A marine engineering company in southwest England has been selected to customize four new military tankers being built in South Korea to support the new Queen Elizabeth-class aircraft carriers and other Royal Navy warships.
A deal awarding the work to A&P Marine’s facilities in Falmouth, Cornwall, to fit out the new 37,000-ton Tide-class tankers with UK-specific equipment is due to be announced in the next few weeks, a Defence Ministry source said.
A spokeswoman for the MoD confirmed an announcement will be made in the near future.
The tankers are being built by the South Korean shipyard DMSE using a design from the British company BMT Defence Services as part of the MoD’s Military Afloat Reach and Sustainability program.
A&P and BMT have worked together, most notably on the upgrade and life extension of the casualty receiving ship Argus, now in Sierre Leone as part of Britain’s effort to combat the Ebola disease.
Selection of BMT’s design, known as the Aegir, has proved a significant boost for the Bath, southwest England-based, naval and defense consultancy.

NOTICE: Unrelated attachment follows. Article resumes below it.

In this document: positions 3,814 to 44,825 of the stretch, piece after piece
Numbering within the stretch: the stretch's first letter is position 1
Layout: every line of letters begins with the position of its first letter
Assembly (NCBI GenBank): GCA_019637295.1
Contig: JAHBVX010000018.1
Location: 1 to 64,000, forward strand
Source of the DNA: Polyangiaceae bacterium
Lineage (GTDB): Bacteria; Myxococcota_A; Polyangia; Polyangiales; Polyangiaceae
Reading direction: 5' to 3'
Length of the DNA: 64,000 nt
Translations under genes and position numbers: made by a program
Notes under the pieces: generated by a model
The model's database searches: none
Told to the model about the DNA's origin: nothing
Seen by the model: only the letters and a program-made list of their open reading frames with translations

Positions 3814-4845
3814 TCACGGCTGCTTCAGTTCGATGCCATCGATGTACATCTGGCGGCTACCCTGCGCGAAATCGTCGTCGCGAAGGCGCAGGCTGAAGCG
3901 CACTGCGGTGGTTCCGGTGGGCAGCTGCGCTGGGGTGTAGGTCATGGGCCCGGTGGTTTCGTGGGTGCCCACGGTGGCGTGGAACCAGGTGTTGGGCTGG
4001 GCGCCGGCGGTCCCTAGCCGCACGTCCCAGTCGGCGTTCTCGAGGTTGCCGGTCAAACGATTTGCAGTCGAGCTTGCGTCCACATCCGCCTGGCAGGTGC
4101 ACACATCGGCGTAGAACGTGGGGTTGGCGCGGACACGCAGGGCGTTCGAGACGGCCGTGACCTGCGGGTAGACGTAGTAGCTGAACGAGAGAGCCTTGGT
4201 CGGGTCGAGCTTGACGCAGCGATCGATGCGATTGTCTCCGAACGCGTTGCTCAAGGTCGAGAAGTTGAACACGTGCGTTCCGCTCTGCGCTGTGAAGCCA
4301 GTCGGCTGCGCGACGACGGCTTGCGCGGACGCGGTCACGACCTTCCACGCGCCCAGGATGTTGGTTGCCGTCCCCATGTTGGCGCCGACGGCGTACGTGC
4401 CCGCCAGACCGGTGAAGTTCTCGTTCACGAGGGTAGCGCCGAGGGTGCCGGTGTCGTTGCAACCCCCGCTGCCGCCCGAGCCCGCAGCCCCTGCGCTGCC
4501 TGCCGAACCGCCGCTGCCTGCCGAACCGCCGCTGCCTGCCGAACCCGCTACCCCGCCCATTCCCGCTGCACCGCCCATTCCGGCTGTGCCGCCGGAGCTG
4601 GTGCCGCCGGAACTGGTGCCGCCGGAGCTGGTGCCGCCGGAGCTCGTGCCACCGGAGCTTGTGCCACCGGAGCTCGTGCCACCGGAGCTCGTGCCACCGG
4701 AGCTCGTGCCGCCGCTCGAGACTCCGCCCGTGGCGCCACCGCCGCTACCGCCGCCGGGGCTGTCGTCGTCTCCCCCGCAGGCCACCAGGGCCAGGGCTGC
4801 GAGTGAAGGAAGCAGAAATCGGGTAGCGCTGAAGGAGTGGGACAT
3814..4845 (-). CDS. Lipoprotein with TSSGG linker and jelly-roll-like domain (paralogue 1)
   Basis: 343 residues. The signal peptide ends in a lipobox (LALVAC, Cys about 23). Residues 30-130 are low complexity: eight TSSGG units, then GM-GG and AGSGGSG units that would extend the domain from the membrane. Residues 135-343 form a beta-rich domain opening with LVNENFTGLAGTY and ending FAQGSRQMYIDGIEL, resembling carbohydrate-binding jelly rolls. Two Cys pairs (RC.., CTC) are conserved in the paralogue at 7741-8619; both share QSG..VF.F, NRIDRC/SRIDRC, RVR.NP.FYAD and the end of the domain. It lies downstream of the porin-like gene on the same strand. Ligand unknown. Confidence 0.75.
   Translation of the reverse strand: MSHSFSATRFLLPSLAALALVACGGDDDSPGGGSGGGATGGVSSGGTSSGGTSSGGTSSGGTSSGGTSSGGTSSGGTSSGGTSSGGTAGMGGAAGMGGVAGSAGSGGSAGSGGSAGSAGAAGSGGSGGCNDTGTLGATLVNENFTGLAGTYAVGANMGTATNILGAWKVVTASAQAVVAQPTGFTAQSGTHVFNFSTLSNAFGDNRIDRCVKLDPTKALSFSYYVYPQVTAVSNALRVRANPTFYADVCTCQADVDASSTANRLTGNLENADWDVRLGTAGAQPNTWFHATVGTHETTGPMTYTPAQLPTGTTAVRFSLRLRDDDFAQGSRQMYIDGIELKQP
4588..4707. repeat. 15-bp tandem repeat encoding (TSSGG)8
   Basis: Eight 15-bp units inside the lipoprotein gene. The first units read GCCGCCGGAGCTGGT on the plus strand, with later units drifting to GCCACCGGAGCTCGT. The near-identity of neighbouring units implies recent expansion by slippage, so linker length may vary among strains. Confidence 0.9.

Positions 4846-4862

Norway has purchased a variant of the design for a new logistics and support vessel it is having built in South Korea; Australia and New Zealand are also interested in the design.
The £452 million (US $684 million) deal awarded by the British MoD in 2012 to buy the four tankers caused controversy in the media and elsewhere due to the fact the order had gone overseas.
The reality, though, was no British yard competed for the award, which in the final phases attracted only foreign bidders.
The value of the A&P deal is not yet known. At the time of the 2012 contract award, the MoD said £60 million of investment would be spent in the UK from customization, trials and specialist engineering support.